Jan. 22, 1922 – The tradition of the 12th Man originated when E. King Gill was called down from the stands to serve as a substitute on the A&M football team.
Jan. 1931 – Reveille I became the college mascot.
Dec. 7, 1941 – The U.S. entered WWII.
1942 – More than 20,229 former cadets from A&M fought in World War II. There were 14,123 commissioned Aggies in the war — more than the number of commissioned officers from United States Naval Academy and the United States Military Academy combined.
1943 – The Corps of Cadets was featured in “We’ve Never Been Licked,” a World War II propaganda film that was partially shot on location at A&M.
1947 – The Fish Drill Team was created. According to Lisa Kalmus, museum curator at the Sam Houston Sanders Corps of Cadets Center, freshmen were moved off-campus in efforts to minimize hazing. To avoid placing freshmen with upperclassmen, many of whom were World War II veterans, freshmen lived at the retired Bryan Air Force base 12 miles from campus, Kalmus said. In their boredom, freshmen began the Fish Drill Team.
Jun 25, 1950 – The Korean War begins. In the conflict, 1,900 Aggies served, 58 of whom lost their lives.
Nov 1, 1955 – The Vietnam War begins. During this conflict, over 3,985 Aggies served and 161 died.
1960 – The Army insignia on cadet uniforms was traded in for Corps Brass. Designed by cadets, it includes the Latin phrase “Per Unitatem Vis,” which translates to “Through Unity, Strength.”
1964 – Five black freshmen join the Corps, becoming A&M’s first African-American cadets. The year before, three students became the first African-Americans to enroll at the school, and the Board of Directors had started permitting women to enroll on a limited basis.
1965 – The Corps of Cadets was officially made voluntary for students.
1968 – Hector Gutierrez Jr. became the first hispanic Corps Commander.
1969 – William J. Mahomes became the first African-American senior cadet to complete four years and graduate in the Corps.
1970 – Edward A. Taylor became the first African-American chief officer in the Corps as Commanding Officer of First Battalion Staff.
1971 – Edward W. Williams and Derron J. Patterson became first African-American members of the Ross Volunteers.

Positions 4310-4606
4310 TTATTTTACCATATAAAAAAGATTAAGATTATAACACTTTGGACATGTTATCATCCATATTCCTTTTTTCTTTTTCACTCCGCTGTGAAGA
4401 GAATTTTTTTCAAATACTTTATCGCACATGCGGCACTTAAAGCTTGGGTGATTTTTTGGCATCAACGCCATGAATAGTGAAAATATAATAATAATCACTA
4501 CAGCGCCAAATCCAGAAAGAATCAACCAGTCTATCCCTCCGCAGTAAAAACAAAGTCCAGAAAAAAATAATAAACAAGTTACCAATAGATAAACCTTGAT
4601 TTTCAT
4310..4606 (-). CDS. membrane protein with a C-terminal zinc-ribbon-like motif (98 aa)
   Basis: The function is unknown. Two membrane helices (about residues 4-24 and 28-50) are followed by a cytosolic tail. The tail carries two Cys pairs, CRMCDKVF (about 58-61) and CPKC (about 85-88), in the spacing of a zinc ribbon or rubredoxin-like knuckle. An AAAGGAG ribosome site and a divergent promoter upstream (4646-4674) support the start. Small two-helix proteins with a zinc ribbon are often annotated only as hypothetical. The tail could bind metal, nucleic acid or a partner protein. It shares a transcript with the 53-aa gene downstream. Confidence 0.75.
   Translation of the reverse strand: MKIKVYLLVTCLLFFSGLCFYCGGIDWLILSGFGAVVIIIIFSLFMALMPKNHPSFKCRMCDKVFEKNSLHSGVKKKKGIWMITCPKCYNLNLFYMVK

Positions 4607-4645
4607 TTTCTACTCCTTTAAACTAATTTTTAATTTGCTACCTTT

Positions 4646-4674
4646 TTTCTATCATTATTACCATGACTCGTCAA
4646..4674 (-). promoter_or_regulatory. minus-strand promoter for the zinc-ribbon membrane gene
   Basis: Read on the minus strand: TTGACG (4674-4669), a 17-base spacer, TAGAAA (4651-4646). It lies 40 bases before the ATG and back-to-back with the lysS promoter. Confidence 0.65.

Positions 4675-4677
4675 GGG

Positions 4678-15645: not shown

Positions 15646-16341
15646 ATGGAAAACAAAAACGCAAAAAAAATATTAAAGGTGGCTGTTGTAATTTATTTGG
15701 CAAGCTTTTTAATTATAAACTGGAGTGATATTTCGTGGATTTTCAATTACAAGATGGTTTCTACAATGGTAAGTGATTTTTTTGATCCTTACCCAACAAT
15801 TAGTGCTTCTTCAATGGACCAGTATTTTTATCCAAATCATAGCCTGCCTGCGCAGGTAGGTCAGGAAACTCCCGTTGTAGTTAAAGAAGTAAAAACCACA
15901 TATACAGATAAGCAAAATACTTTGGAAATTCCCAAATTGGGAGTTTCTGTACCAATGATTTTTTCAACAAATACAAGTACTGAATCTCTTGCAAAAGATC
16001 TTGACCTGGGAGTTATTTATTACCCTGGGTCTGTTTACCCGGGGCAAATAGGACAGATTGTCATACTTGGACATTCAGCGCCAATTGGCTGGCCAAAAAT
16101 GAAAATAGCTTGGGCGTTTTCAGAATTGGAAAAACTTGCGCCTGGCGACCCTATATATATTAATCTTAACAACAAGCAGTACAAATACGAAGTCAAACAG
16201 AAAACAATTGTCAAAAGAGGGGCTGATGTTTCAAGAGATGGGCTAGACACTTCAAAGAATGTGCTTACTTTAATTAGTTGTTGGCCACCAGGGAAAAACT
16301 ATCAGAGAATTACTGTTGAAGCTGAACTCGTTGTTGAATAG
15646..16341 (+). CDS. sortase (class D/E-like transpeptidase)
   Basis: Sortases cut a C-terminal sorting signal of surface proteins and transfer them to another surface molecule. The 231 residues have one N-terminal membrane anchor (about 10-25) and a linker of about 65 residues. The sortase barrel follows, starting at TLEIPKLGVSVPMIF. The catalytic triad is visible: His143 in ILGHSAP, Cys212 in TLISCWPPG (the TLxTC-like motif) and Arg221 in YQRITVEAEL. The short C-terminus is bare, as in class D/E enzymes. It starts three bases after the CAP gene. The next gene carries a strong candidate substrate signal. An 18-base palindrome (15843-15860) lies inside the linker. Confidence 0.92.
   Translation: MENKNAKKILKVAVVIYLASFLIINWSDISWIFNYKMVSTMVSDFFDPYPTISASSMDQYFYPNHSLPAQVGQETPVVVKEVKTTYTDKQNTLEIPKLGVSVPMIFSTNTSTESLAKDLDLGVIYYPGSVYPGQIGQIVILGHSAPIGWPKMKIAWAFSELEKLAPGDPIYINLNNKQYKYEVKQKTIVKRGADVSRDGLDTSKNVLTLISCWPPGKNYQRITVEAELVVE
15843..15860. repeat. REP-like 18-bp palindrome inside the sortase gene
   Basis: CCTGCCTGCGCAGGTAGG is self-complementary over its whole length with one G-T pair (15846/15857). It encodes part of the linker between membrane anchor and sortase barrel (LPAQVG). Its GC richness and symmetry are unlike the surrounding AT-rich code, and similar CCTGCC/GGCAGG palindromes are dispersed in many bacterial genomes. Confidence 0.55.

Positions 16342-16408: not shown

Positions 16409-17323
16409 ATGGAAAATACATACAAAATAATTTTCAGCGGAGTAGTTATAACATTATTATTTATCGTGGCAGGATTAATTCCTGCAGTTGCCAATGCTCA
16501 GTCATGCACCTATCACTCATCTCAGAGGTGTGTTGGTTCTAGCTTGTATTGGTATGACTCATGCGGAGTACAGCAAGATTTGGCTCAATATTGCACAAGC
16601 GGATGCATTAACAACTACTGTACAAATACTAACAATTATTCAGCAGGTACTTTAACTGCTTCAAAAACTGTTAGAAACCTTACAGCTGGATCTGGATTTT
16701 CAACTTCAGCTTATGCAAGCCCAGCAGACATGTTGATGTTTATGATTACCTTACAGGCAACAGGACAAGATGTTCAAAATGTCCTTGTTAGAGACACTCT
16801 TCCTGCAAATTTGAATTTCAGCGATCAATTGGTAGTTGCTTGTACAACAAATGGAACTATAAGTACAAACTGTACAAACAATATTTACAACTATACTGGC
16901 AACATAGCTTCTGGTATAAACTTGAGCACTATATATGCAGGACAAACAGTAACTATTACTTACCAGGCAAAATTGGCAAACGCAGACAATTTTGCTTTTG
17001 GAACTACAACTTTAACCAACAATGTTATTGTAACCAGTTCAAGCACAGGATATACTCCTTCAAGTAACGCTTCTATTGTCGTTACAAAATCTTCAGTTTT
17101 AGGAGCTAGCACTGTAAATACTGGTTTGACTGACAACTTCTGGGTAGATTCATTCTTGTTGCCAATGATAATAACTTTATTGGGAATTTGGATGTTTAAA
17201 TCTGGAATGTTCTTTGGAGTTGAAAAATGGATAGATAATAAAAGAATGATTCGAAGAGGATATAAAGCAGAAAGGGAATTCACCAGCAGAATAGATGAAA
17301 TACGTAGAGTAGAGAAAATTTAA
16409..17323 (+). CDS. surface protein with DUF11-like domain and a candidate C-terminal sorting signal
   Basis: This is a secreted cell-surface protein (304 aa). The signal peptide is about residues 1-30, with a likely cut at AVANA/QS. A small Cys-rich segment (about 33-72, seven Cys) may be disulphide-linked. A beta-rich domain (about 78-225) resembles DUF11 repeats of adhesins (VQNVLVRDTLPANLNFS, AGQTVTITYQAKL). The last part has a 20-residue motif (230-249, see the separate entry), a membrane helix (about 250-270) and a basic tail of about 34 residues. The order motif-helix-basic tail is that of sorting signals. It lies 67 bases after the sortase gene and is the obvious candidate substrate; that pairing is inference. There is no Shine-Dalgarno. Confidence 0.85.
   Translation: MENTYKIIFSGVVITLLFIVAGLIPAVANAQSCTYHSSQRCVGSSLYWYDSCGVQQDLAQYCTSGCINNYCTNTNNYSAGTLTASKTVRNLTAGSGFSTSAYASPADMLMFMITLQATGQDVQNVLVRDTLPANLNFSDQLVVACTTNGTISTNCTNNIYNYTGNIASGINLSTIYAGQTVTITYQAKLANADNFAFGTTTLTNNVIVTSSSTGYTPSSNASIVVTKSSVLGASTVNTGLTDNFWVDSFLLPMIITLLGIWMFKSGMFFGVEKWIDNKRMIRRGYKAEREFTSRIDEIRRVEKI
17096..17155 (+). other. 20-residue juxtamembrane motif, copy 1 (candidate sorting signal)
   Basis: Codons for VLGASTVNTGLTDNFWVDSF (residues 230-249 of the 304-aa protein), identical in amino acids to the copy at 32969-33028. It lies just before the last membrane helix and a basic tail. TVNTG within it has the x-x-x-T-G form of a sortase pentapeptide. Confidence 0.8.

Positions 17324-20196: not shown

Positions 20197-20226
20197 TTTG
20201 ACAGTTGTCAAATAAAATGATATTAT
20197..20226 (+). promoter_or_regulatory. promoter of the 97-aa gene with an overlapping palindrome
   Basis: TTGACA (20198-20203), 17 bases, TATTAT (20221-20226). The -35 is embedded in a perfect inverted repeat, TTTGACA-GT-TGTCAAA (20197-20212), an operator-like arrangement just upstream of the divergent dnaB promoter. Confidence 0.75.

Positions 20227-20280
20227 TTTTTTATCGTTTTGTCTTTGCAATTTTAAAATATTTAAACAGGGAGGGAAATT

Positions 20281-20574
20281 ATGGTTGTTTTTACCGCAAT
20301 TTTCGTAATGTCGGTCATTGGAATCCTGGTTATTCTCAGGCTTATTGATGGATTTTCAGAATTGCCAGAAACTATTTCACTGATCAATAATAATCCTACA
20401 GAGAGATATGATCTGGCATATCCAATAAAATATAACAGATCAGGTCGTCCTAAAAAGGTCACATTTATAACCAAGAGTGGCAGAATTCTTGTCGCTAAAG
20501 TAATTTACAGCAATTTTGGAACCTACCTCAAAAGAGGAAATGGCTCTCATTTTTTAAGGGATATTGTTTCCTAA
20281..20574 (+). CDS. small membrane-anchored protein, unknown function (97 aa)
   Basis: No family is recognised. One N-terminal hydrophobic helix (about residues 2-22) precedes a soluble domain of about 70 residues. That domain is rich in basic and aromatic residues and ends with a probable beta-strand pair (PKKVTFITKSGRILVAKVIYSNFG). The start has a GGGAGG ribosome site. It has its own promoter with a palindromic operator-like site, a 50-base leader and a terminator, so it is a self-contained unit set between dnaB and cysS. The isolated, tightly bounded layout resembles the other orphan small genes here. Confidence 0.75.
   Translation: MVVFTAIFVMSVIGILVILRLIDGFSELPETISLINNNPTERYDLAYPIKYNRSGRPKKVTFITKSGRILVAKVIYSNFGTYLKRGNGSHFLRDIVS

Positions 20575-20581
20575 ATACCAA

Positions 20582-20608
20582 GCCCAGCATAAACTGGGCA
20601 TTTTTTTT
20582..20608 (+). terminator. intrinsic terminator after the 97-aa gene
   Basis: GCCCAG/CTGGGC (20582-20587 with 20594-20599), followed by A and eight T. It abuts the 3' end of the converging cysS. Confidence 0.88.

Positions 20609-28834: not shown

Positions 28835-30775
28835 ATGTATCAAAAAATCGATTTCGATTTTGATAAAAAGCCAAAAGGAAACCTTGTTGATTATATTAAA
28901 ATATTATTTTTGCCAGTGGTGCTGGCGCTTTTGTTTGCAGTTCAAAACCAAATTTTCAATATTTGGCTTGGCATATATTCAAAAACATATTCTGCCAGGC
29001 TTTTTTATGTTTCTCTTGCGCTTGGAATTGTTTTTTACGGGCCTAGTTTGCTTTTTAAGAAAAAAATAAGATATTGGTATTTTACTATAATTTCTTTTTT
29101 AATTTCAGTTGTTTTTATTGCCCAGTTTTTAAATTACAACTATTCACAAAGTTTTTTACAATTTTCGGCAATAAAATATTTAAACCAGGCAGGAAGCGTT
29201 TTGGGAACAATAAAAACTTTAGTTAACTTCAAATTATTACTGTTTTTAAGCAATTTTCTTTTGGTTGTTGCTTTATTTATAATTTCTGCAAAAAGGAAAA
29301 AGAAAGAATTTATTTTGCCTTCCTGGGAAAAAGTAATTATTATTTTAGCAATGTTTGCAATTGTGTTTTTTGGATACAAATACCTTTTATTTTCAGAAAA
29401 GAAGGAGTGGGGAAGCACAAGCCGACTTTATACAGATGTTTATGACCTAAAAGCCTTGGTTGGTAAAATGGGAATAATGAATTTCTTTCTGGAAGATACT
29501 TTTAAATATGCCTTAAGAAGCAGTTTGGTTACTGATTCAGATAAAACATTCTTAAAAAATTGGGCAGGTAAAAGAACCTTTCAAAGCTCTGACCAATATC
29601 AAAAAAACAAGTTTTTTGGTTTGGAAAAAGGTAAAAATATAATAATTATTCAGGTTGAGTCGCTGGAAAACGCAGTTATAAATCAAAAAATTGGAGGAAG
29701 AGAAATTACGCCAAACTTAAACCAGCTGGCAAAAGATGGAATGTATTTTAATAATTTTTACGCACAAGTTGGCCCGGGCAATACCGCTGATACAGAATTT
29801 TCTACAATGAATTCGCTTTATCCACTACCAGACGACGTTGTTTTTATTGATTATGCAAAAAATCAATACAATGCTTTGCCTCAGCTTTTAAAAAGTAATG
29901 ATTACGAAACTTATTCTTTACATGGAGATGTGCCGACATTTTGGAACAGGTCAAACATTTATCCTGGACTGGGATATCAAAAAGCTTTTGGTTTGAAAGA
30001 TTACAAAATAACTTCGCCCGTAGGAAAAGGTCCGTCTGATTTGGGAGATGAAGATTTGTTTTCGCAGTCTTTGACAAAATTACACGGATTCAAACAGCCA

1973 – Parsons Mounted Cavalry was created by the Class of 1974, reviving the tradition of A&M’s cavalry from the 1920s and 1930s. The unit was named after Col. Thomas R. Parsons, the commandant at the time.
1974 – Women were allowed into the Corps. Fifty-one women joined the all-female outfit W-1.
1975 – The Women’s Drill Team was created as an alternate for participation in other cadet organizations.
1978 – Women in the Corps expanded to a second outfit, Squadron 14.
1985 – Three female fish — Jennifer Peeler, Carol Rockwell and Andrea Abat — became the first female Aggie Band members after a court order required A&M to admit women into previously all-male Corps organizations. Only Abat made it through the year.
1989 – Andrea Abat became the first female senior in Aggie Band to complete four years.
1990 – W-1 and Squadron 14 were disbanded and women were put into co-ed units G-1 and Squadron 9.
Aug 2, 1990 – The First Gulf War began. Over 300 Aggies served, and three Aggies died.
1992 – The Fish Drill Team portrayed the U.S. Marine Corps Silent Drill Platoon in the opening scene of “A Few Good Men.”
2012 – The first African-American Commander, Marquis Alexander, was selected.
2015 – The first female Corps Commander, Alyssa Marie Michalke, was selected.
Nov 13, 2018 – The Army announced plans to adopt the “Army Greens” uniform, which resembles the kind worn by World War II-era officers and is similar to the Corps’ Class A uniform. The mandatory wear date for all soldiers is 2028.